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Elizabeth D'Amico

Adjunct Professor, Department of Community Health Sciences

Departments

DepartmentsType of Faculty
Community Health SciencesPart Time
Contact Information
Areas of Interest: 

Adolescents, alcohol, marijuana, tobacco use;  child health, juvenile delinquency, substance use prevention.

Elizabeth D'Amico is an adjunct professor in the Department of Community Health Science.  She is a senior behavioral scientist at the RAND Corporation and a licensed clinical psychologist. D'Amico is nationally recognized for her work developing, implementing, and evaluating interventions for adolescents. She is a member of the Motivational Interviewing Network of Trainers (MINT) and the interventions she has developed all utilize motivational interviewing (MI).

D'Amico has evaluated several MI interventions with adolescents and young adults in a variety of settings, including middle schools, primary care, homeless shelters, and teen court. She recently developed and tested a group intervention for urban Native American adolescents that integrated MI and traditional healing practices. She has also conducted epidemiological work to examine predictors and consequences of adolescent substance use. She is the principal investigator of a large longitudinal study that examines substance use patterns over 14 years among youth from sixth grade through age 24. Her most recent work has focused on the effects of medical marijuana advertising on adolescents' marijuana use. 

In 2016, D'Amico was recognized as a Fellow of the American Psychological Association for Division 50 (Society of Addiction Psychology). She recently expressed her views on how to talk to adolescents about marijuana legalization on the PBS news hour for the "In My Humble Opinion" (#IMHO) series. D'Amico received her Ph.D. in clinical psychology from the University of Texas.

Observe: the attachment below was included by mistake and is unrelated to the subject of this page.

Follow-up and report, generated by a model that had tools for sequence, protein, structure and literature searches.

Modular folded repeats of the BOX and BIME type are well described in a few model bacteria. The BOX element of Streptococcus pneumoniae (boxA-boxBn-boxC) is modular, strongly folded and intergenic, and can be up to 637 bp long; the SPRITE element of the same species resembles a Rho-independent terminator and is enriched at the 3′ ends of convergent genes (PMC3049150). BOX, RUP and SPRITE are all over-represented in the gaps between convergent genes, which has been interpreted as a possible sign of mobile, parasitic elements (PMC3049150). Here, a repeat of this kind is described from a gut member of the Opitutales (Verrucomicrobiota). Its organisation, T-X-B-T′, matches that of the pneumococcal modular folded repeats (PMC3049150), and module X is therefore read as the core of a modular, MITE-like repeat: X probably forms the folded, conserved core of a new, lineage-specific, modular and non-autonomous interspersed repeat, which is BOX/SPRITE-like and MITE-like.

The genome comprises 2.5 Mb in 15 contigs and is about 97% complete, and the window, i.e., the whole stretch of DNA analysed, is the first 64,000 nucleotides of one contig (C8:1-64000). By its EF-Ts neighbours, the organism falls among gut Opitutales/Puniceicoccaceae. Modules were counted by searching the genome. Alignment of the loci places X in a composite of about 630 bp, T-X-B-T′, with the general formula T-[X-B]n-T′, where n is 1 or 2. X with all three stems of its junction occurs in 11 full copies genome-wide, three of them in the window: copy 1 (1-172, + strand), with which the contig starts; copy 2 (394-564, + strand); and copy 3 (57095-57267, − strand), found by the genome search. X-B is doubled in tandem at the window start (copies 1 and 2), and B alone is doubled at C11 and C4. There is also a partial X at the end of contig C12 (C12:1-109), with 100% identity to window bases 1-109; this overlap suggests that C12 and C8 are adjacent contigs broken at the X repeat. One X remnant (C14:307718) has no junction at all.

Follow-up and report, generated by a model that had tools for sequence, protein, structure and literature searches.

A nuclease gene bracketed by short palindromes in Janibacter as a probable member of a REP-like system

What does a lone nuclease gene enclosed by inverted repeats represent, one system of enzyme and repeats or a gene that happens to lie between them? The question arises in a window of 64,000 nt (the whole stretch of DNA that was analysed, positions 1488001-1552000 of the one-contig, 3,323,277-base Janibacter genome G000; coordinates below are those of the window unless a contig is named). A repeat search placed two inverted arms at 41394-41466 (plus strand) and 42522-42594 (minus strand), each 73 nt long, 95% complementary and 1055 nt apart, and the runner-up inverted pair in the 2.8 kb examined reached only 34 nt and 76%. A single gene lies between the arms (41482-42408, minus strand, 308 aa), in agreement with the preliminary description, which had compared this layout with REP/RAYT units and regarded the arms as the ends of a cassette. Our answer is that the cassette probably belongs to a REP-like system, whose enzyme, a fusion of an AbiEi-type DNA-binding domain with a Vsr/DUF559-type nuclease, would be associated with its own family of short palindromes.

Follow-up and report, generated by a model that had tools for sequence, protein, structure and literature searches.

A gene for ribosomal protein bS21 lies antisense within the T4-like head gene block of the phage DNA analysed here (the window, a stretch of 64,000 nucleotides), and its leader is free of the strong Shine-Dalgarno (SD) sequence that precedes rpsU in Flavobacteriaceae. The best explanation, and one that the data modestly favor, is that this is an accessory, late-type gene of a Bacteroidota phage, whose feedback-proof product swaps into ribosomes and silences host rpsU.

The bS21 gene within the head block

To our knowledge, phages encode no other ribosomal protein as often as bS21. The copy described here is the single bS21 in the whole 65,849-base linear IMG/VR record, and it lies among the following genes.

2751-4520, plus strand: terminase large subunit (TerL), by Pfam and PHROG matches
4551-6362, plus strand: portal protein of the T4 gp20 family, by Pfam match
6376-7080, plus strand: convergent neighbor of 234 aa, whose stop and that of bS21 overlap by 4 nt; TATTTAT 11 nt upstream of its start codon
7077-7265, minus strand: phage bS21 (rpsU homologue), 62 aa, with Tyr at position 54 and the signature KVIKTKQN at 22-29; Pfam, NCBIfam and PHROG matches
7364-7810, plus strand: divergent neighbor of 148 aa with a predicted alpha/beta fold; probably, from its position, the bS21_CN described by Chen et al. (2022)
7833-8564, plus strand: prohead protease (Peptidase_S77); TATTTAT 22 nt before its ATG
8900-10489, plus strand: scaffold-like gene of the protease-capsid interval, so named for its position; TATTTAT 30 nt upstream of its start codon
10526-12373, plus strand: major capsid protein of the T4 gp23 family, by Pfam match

Recent Projects:

Development and testing of an integrated healing and motivational interviewing group intervention for urban Native American youth.

Testing a brief motivational interviewing intervention for at-risk adolescents in four primary care settings.

AOD use trajectories from age 10 to 24: Multi-level predictors, health and behavioral functioning, and racial/ethnic disparities.

Education: 
PhD, Clinical Psychology, University of Texas
Selected Publications: 

D’Amico, E. J., Tucker, J. S., Pedersen, E. R, & Shih, R. A, "Understanding rates of marijuana use and consequences among adolescents in a changing legal landscape," Current Addiction Reports, 4(4), 2017

D’Amico, E.J., Tucker, J.S., Miles, J.N.V., Ewing, B.A., Shih, R.A., & Pedersen, E.R, "Alcohol and marijuana use trajectories in a diverse longitudinal sample of adolescents: Examining use patterns from age 11 to 17.," Addiction, 111(10), 2016

D’Amico, E.J., Miles, J.N.V., & Tucker, J.S., "Gateway to curiosity: Does exposure to medical marijuana ads affect intention and use during middle school?" Psychology of Addictive Behaviors, 29(3), 2015

Troxel, W.M., Ewing, B. & D’Amico, E.J., "Examining racial/ethnic disparities in the association between adolescent sleep and alcohol or marijuana use.," Sleep Health, 1, 2015

D'Amico, E.J., Parast, L., Meredith, L.S., Ewing, B.A., Shadel, W.G., & Stein, B.S., "Screening in primary care: What is the best way to identify at-risk youth for substance use?" Pediatrics, 138(6), 2016

Dickerson, D. L., Brown, R. A., Johnson, C. L., Schweigman, K., & D’Amico, E. J., "Integrating motivational interviewing and traditional practices to address alcohol and drug use among urban American Indian/Alaska Native youth.," Journal of Substance Abuse Treatment, 65, 2015

D'Amico, E.J., Houck, J.M., Hunter, S.B., Miles, J.N.V., Osilla, K.C., & Ewing, B.A., "Group motivational interviewing for adolescents: Change talk and alcohol and marijuana outcomes," Journal of Consulting and Clinical Psychology, 83(1), 2014